After admiring a set of paintings in a Tarbert restaurant we visited the artist’s studio the next day. Willie Fulton, a cheerful Glaswegian, lives and works in an impossibly scenic setting at Drinshader on the narrow “Golden Road” east of Tarbert (so called because of the huge cost of completing it).
We opted for a bargain £25 print rather than a £1,750 original (“they go for £4,000 in the London galleries, you know”) but he happily showed us round his studio.


Brian Hancill with artist Willie Fulton

After our stroll along Lusken­tyre beach we visited the world’s most celebrated Harris tweed weaver, Donald John Mackay, MBE. He works in a tin shack not far from the sands, but there’s no sign outside and we had to ask around to find him. He rewarded our perseverance with a personal demo, sitting at his pedal-driven loom and creating a swathe of intricately-patterned tweed before our eyes.
“Don John” is the man Nike called when they wanted 10,000 yards of Harris tweed for a new line of trainers. His normal daily output is 27 yards but he mobilised every weaver on the islands and the shoes became a limited edition which today fetch large amounts on eBay.
I gave myself a tweed makeover with a flat cap (I wish my Geordie dad had lived to see the day) and a scarf tailor-made on the spot from a larger piece of material at Lewis Looms in Stornoway, our final stop. This grand old port is on the east coast of Lewis.
Con­fus­ingly, this is part of the same land mass as Harris. Each year it stages HebCelt, a Celtic music festival which draws up to 16,000 people to its castle gardens, increasing the town’s population by a factor of almost three. The music ranges from traditional to rock, world and indie-folk.
Fiddle player Jane Hepburn of local group Face The West, a festival veteran and member of its Hall of Fame, told me: “It’s a great atmosphere and lots of people make a holiday of it with an activity like kayaking or biking. Segway tours are popular too.”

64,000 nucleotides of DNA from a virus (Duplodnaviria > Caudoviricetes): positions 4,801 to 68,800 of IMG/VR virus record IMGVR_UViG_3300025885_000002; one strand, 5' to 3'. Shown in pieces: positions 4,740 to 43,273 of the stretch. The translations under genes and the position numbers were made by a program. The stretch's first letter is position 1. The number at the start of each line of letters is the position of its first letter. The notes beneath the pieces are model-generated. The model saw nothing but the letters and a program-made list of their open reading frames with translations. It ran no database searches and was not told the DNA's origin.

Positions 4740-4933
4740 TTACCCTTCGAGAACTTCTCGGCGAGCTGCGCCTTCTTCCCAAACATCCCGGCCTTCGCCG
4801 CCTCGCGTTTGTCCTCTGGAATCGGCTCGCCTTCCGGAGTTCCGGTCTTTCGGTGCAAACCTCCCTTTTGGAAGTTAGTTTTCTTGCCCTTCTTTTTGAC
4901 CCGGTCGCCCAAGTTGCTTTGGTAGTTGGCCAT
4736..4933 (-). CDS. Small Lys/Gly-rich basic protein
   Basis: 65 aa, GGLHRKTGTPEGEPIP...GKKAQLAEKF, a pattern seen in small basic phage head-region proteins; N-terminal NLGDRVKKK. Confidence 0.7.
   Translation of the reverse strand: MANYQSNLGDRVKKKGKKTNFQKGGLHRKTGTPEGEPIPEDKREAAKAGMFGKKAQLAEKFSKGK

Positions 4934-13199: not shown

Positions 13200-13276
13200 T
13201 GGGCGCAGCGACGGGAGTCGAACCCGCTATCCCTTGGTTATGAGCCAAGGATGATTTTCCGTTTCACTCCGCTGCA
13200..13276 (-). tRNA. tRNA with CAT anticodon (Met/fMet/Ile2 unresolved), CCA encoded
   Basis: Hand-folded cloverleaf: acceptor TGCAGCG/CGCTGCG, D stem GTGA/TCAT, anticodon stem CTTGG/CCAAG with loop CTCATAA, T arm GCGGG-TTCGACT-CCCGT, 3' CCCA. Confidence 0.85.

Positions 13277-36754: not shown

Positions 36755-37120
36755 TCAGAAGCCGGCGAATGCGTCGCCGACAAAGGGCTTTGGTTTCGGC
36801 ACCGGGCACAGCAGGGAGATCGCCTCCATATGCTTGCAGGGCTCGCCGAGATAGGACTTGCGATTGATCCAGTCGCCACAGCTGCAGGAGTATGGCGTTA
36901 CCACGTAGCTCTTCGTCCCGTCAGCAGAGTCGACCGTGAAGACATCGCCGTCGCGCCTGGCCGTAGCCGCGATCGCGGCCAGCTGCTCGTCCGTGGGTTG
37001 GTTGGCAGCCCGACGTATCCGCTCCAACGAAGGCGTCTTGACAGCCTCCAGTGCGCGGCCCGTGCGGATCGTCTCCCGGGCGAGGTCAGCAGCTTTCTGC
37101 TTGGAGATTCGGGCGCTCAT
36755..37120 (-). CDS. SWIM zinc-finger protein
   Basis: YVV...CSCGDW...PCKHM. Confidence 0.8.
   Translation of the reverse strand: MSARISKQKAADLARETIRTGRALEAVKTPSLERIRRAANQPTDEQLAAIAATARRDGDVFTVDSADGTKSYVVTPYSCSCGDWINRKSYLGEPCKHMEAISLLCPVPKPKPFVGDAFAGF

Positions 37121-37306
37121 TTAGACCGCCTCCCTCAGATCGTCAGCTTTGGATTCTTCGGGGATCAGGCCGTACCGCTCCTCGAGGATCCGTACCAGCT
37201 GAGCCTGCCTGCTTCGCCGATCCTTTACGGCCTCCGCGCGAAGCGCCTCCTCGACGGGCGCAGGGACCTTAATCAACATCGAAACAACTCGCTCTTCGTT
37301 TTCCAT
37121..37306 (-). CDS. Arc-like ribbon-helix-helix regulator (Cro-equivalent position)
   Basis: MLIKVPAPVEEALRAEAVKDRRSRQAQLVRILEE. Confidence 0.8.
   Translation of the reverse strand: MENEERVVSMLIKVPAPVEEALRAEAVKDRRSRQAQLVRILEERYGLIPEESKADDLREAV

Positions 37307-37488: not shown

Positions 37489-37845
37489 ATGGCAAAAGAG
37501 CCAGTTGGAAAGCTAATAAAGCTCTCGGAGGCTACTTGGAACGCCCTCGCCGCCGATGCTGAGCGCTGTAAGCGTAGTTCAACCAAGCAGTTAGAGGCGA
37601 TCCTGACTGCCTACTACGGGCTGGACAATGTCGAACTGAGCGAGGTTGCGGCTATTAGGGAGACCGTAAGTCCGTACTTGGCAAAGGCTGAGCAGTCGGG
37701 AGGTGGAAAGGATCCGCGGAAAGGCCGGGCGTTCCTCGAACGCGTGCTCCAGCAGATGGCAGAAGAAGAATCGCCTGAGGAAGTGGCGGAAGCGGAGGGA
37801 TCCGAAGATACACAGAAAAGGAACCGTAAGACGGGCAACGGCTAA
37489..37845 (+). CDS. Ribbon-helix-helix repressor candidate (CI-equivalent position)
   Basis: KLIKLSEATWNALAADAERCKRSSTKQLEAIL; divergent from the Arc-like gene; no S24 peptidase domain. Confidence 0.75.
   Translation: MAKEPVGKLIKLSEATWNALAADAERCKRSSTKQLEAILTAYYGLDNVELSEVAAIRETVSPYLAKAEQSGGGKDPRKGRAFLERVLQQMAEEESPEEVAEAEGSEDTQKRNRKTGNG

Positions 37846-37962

This year’s festival (July 16-19) features The Levellers, Big Country and Donnie Munro.
We had time to see the standing stones of Callanish, a mysterious monument older than Stonehenge.
And on our final day we visited the Black Houses of Gearranan, a stone-and-thatch settle­ment recon­structing island hardships a century ago but leaving the pleas­ant aroma of a peat fire on your clothes.
Then it was time to catch a ferry back to the mainland. A lovely old Jacobite song came into my head as we left the harbour. It’s name is Will Ye No Come Back Again.
Yes… I think we will.

When: The weather is always changeable but April-June tends to be sunniest. The islands are so far north it barely goes dark in June.
Getting there: EasyJet fly to Inverness from Bristol, Luton and Gatwick from £28 one-way. Holiday Autos car rental from Inverness Airport from £95 per week. Calmac ferry options include a 31-day Hopscotch 8 ticket to and between the Outer Hebrides for £153 per car plus £35.50pp.
Top Tips: There’s very little mobile signal on the islands. If you have a choice of provider, Vodafone has the best coverage. Or just enjoy the isolation! And fill up your car on the mainland – it’s a lot cheaper.
Where to eat: We liked the Pierhouse Restaurant at the Hotel Hebrides in Tarbert and Digby Chick in Stornoway.,
Where to stay: Our favourite was the Ceol Na Mara (Music of the Sea) guest house on a lochside close to Tarbert, double rooms from £90. Breakfast porridge with whisky-soaked sultanas was a life-changing discovery.
Find out more: Tourist info plus hotel, B&B and self-catering options.

This article first appeared in the Sunday Mirror’s Holidays and Getaways section on June 14, 2014.